Gordon and many others have pointed out that Lange's documentary photography was, to a large extent, portrait photography. She treated the poor with as much respect as she had her rich clients, during her years as a successful portrait photographer in San Francisco. And she found the beauty in them, just as she had with the rich.
Dorothea Lange: Japanese mother and daughter, agricultural workers near Guadalupe, California. March, 1937.
When I looked through Lange's photos in the FSA-OWI archive, I was surprised to find not only so many Madonna figures, but Madonna figures of such ethnic diversity.
Afterthought, 4 November 2009: Perhaps I shouldn't have been surprised. In her earlier book, Impounded: Dorothea Lange and the Censored Images of Japanese American Internment (co-edited with Gary Okihiro), Gordon points out that Lange had "an exceptional antiracist consciousness." At a time when "demeaning racial stereotypes of peoples of color saturated white culture," Lange's photos treated Asian-Americans, African-Americans, and Latinos with respect and "actively challenged" this "enduring stream of racism."
Dorothea Lange: Mexican mother in California. "Sometimes I tell my children that I would like to go to Mexico, but they tell me 'We don't want to go, we belong here.'" June, 1935.
Lange often spoke at length with her subjects and wrote down what they said to her in notebooks. She often included bits of conversation in her captions. As can be seen in the mother's words above, they can enrich the photos tremendously.
Dorothea Lange: Colored family from near Houston, Texas. Been in California for two years. Husband came first, later sent for wife and two children, who traveled by bus (on licensed car, fare six dollars, traveling night and day). Husband now on Works Progress Administration (WPA). February, 1939.
I hasten to point out that in 1939, "colored" was not an insult. African-Americans, at the time, preferred "Negro," but "colored" was not a curse word.
Dorothea Lange: Calipatria, Imperial Valley, California. In Farm Security Administration (FSA) emergency migratory labor camp. Daughter of ex-tenant farmers on thirds and fourths in cotton. Had fifty dollars when set out. Went to Phoenix, picked cotton, pulled bolls made eighty cents a day with two people pulling bolls. Stayed until school closed. Went to Idaho, picked peas until August. Left McCall with forty dollars "in hand." Went to Cedar City and Parowan, Utah, a distance of 700 miles. Picked peas through September. Went to Hollister, California. Picked peas through October. Left Hollister for Calipatria for early peas which froze. Now receiving Farm Security Administration food grant and waiting for work to begin. "Back in Oklahoma, we are sinking. You work your head off for a crop and then see it burn up. You live in debts that you can never get out of. This isn't a good life, but I say that it's a better life than it was." February, 1939.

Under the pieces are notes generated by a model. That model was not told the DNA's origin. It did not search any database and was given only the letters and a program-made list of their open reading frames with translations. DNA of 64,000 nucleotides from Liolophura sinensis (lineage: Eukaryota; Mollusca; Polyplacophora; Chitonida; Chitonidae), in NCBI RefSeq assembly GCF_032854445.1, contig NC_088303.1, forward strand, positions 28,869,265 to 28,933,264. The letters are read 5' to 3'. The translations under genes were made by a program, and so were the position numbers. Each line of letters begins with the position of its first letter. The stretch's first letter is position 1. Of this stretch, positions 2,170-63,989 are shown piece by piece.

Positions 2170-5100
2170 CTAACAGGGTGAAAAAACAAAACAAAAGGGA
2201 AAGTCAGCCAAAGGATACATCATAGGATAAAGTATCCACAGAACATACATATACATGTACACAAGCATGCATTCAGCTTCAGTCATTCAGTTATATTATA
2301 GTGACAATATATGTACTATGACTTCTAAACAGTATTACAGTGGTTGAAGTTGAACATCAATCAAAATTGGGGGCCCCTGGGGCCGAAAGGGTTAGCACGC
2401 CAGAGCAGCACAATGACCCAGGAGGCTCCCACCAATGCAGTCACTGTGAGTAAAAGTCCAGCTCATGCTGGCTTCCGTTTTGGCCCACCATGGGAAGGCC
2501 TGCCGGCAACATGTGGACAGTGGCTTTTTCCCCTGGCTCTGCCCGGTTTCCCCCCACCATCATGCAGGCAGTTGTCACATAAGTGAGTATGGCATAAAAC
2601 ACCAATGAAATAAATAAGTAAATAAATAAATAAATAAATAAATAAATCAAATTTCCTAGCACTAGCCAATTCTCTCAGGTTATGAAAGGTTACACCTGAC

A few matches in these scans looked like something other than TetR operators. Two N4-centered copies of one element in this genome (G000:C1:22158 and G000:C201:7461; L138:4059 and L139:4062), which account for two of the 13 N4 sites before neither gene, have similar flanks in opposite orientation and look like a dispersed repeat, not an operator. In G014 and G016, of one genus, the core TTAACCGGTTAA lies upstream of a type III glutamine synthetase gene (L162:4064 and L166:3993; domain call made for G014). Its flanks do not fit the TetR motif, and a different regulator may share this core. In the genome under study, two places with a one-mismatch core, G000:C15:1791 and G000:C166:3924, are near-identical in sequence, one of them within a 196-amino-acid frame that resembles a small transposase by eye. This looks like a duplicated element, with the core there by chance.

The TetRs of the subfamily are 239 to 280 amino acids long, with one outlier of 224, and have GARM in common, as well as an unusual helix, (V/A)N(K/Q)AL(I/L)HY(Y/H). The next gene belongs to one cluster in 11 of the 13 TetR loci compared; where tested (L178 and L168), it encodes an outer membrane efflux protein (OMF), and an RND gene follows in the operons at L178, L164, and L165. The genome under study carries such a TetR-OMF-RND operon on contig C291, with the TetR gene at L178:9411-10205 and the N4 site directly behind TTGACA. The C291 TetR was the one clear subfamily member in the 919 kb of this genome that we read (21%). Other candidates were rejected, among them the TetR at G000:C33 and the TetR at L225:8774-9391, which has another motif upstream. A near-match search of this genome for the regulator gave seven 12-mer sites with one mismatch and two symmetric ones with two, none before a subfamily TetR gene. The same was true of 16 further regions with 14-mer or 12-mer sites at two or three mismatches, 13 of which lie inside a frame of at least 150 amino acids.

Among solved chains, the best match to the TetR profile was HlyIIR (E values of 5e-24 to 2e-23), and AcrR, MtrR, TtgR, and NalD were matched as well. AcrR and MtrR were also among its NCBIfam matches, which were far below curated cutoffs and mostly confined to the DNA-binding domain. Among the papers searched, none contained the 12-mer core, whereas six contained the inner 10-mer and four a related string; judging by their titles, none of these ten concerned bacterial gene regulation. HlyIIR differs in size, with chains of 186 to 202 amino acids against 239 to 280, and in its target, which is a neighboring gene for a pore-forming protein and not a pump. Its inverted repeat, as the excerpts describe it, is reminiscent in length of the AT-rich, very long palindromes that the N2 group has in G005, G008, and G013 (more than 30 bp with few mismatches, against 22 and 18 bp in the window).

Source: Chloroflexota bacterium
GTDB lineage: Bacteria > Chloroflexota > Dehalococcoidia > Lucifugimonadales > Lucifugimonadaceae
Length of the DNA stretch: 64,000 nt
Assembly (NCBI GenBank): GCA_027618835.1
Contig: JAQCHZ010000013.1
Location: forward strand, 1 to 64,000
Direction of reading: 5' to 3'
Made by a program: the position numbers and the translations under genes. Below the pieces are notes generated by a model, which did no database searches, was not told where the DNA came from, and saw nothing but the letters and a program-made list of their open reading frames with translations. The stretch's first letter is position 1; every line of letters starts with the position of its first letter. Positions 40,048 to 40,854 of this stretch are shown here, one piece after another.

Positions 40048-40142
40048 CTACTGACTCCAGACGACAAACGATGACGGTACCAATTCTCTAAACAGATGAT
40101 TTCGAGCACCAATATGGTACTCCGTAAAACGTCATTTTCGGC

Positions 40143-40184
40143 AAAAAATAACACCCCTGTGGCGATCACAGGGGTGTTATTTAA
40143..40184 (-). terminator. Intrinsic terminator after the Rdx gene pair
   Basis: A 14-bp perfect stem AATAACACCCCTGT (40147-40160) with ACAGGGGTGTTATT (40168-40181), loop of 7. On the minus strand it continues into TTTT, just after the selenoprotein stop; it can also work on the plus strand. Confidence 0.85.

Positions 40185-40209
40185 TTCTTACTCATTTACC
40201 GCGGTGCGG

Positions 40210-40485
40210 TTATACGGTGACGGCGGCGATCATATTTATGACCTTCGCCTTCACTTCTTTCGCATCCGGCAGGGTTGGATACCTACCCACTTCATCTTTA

Lange was deeply commited to social justice and the full realization of American democracy. But Gordon points out that she was also commited to beauty. Lange understood, in Gordon's words, that "[t]here will always be a need to be reminded that beauty can be found in unlikely places...." In the photo above, she found it in a migrant workers' camp.
Dorothea Lange: Mother and baby of family on the road. Tulelake, Siskiyou County, California. September, 1939.
Lange sometimes wrote extended "General Captions" to accompany a series of photos. General Caption Number 65 belongs to the photos directly above and directly below.
General Caption Number 65: The car is parked outside the Employment Office. The family have arrived, before opening of the potato season. They have been on the road for one month--have sick baby.
The father worked on W.P.A. in South Dakota, “till that played out.” Three children, oldest about five. About to camp on a site without water or sanitation. They have no tent. “Been trying to get one some way.”
Mother says, of father, “What he really likes to do is milk cows. He can do a little of everything, but that’s what he likes.”
Father washed the baby’s face with edge of blanket dampened from canteen, for the photographs.
This photo forces us to remember that people retain their full humanity, even in the midst of misery. We need to see both of these photos (and to remember the father's tender gesture of washing his child's face) before we can even begin to understand this young mother and her children.
Update, 25 October 2009: The New York Times has just published a review of Dorothea Lange: A Life Beyond Limits, Linda Gordon's new biography (mentioned several times in this post). David Oshinsky agrees with my very positive remarks, calling the book "elegant." You can read the review, here.